Update 5:30 p.m. — The man arrested in Ithaca with stolen US military documents was here to visit his girlfriend, who is a graduate student at Cornell, according to federal officials.
The paperwork filed against Yu Long has been added to the bottom of this story.
Ithaca, N.Y. — A man was arrested in Ithaca last month and accused of trying to take stolen U.S. military documents to China, according to a statement released by the Department of Justice today.
Why I shop downtown — Marty
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The stolen documents pertained to the development of advanced titanium for U.S. military aircraft, the DOJ said.
Yu Long, 36, faces federal charges for taking documents from a Connecticut defense contractor where he had long been employed, according to to the statement released today by the United States Attorney for the District of Connecticut.
It’s not clear why or for what period of time Long was in Ithaca. He was arrested at a home in Ithaca on Nov. 7 after trying, two days earlier, to fly to China from New Jersey with the “sensitive, proprietary material,” according to federal officials.
Long was taken to federal court in Syracuse on Nov. 8 and Nov. 10, detained and then transferred to Connecticut.
On Tuesday, Long appeared in front of US Judge William I. Garfinkel in Bridgeport, Conn. Garfinkel ordered the criminal complaint against Long unsealed.
Long worked as a senior engineer/scientist at a research and development center for a major defense contractor in Connecticut, the feds say.
Here’s what the feds said in a statement:
“Both during and after his employment (with the unnamed contractor), LONG traveled to the People’s Republic of China. Most recently, on August 19, 2014, LONG returned to the U.S. from China through John F. Kennedy International Airport in New York and, during a secondary inspection screening by U.S. Customs and Border Protection (CBP) officers, LONG was found in the possession of $10,000.00 in undeclared U.S. cash, registration documents for a new corporation being set up in China, and a largely completed application for work with a state-controlled aviation and aerospace research center in China.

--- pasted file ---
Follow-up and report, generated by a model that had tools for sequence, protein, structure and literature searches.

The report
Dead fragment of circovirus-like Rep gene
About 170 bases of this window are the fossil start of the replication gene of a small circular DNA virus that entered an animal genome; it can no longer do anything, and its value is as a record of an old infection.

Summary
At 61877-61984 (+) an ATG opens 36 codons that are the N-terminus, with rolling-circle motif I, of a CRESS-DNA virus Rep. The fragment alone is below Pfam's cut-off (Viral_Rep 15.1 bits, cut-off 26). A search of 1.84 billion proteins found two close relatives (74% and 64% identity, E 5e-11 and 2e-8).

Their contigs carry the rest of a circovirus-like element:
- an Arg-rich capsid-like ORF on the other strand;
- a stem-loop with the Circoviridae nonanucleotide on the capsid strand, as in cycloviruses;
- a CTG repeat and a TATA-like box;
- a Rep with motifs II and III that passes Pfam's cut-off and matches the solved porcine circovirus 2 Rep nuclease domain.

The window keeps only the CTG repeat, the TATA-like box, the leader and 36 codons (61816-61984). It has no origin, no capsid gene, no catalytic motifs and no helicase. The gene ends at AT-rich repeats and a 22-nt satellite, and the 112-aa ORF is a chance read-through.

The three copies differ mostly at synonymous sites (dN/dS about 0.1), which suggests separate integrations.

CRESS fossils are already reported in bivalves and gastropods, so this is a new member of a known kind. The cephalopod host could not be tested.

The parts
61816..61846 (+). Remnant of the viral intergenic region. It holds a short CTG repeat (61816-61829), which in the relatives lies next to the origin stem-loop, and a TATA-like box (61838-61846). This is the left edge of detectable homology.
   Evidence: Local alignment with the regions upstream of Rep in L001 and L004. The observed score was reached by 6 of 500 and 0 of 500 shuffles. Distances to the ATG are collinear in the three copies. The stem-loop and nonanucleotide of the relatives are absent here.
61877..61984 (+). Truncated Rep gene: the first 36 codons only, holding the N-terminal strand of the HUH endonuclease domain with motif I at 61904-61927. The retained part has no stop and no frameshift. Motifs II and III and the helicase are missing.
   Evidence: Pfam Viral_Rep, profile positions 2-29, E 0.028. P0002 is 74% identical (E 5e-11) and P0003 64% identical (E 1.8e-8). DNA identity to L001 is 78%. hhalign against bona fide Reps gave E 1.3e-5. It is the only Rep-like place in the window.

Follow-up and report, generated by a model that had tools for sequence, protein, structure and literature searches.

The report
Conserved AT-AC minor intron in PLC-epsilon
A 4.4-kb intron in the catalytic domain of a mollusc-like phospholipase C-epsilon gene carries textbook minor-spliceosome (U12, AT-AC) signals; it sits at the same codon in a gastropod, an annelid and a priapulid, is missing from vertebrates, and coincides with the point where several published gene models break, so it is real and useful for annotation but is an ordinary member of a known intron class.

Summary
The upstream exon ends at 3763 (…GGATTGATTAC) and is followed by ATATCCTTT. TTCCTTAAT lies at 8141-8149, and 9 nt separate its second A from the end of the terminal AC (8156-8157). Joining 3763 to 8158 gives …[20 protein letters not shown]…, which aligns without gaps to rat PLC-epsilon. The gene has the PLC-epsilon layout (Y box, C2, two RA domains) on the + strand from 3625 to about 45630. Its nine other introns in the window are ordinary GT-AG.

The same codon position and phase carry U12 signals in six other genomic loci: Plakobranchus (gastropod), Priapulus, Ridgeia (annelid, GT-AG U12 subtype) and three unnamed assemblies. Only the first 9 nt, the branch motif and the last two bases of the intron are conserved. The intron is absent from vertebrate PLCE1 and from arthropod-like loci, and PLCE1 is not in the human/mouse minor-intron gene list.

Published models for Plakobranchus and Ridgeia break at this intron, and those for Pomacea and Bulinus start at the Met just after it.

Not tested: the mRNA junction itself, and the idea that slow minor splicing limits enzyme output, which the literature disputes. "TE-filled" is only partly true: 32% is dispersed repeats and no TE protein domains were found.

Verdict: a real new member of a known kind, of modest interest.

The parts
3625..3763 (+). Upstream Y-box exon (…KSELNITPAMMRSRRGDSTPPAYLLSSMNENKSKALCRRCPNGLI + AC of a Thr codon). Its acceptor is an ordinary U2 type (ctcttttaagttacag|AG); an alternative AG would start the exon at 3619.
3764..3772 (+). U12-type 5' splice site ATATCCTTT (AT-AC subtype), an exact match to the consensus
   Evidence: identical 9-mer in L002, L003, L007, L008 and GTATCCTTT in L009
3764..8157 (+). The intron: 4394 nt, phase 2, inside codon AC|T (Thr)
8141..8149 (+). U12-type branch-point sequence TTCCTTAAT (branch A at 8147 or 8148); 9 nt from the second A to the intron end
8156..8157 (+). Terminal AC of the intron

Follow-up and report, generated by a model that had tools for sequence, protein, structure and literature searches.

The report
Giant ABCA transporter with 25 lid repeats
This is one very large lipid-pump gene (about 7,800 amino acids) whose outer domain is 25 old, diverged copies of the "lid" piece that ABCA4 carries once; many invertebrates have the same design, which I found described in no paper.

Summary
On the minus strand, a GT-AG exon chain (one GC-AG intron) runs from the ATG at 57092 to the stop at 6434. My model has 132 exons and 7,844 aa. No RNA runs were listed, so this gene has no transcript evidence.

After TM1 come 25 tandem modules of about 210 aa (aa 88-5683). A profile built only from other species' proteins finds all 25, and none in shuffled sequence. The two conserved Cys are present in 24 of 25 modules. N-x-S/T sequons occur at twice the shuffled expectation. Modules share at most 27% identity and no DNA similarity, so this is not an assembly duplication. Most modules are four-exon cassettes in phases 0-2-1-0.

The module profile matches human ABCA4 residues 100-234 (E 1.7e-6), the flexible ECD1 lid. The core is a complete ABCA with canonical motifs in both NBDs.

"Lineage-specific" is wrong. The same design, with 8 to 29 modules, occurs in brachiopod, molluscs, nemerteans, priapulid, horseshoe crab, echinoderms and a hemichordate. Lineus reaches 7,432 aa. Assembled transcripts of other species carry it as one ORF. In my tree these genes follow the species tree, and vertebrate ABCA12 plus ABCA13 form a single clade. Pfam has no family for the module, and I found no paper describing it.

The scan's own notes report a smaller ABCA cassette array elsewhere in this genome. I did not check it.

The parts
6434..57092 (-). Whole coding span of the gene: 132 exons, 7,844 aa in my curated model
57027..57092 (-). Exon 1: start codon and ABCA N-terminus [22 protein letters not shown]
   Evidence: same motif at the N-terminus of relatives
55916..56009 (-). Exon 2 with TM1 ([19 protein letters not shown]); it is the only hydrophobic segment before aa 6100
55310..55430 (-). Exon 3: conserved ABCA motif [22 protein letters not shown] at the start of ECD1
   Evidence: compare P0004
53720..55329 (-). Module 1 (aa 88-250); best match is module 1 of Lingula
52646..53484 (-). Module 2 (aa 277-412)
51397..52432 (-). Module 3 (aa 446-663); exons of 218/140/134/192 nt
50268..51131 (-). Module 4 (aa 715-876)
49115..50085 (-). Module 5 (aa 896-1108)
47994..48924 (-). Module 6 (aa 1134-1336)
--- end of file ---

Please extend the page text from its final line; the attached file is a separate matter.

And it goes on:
The application materials highlighted certain of LONG’s work history and experiences that he claimed to have obtained while employed at Company A, including work on F119 and F135 engines. The F119 engine is employed by the U.S. Air Force F-22 Raptor fighter aircraft, and the F135 engine is employed by the U.S. Air Force F-35 Lightning II fighter aircraft.
The documents bore warnings that they contained sensitive, proprietary and export controlled material, which could not be copied or communicated to a third party. Moreover, since 1989, the U.S. has imposed a prohibition upon the export to China of all U.S. defense articles and associated technical data as a result of the conduct in June 1989 at Tiananmen Square by the military of the People’s Republic of China.